Join host Hilary Claggett and fellow Columbia alumni for a discussion of John Lewis: Good Trouble. Dawn Porter’s 2020 CNN documentary is about the life and work of the late Congressman from Georgia, who served from 1987 until his passing at age 80 in July of this year. A civil rights leader since his teens, Lewis had been arrested 24 times for peaceful, nonviolent protests before he became chairman of the Student Nonviolent Coordinating Committee in 1963. At the March on Washington that year, he spoke just ahead of Martin Luther King Jr.’s “I Have a Dream” speech; Lewis’s own planned speech was watered down by other march leaders from its original complaints about the Civil Rights Bill’s failure to protect Black Americans from policy brutality, among other things. He led the historic 1965 march across the Edmund Pettus Bridge in Selma, Alabama, where marchers were met with extreme violence. Suffering a skull fracture at the hands of police, he was treated at a local church. Lewis fought tirelessly his entire life to expand voting rights, only to see those rights curtailed and obstructed during the last four years. Nonetheless, he remained optimistic, campaigning for Stacey Abrams in the Georgia gubernatorial race, which she lost by the narrowest margin in a Georgia governor’s race since 1966. In an essay he wrote for the New York Times that was published on the day of his funeral, he said he was inspired by those who were protesting the death of George Floyd at the hands of police: "You filled me with hope about the next chapter of the great American story when you used your power to make a difference in our society," Lewis wrote. "Millions of people motivated simply by human compassion laid down the burdens of division."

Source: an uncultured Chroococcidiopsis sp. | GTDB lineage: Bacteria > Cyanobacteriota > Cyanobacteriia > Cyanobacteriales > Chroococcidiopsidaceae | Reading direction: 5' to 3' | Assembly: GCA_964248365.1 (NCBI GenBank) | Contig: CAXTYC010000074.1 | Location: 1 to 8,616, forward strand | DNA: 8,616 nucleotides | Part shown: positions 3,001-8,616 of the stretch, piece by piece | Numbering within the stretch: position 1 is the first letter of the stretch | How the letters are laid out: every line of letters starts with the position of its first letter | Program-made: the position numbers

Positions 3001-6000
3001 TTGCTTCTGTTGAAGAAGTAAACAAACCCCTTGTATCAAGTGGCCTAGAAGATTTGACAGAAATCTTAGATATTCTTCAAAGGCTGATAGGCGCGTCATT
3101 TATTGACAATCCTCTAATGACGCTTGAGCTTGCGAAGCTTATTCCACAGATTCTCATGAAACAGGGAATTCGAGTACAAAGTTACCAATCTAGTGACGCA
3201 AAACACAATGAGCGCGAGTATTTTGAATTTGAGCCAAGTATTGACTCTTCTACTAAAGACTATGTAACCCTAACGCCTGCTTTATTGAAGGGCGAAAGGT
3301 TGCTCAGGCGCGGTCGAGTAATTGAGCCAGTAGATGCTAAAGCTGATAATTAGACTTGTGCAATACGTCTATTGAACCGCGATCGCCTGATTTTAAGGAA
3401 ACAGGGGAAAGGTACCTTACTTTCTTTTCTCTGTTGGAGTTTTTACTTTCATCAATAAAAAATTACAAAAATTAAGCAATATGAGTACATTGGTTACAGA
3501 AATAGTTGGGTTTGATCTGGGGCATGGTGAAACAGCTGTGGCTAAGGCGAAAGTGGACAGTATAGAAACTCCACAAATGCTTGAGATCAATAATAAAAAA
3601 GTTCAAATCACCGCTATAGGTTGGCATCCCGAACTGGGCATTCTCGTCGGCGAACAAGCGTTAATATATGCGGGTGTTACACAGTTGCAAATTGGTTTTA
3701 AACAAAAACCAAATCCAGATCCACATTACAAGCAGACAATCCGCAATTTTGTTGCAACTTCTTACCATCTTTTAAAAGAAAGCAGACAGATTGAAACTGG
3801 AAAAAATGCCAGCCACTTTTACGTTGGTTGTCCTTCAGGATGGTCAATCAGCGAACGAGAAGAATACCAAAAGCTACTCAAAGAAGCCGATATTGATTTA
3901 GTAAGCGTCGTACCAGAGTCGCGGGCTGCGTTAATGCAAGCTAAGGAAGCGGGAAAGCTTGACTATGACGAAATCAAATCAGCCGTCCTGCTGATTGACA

Link to Watch the Film: https://www.johnlewisgoodtrouble.com/watch-at-home/
Date: Tuesday, November 17
Time: 6:30 P.M.
Location: Zoon Video Conference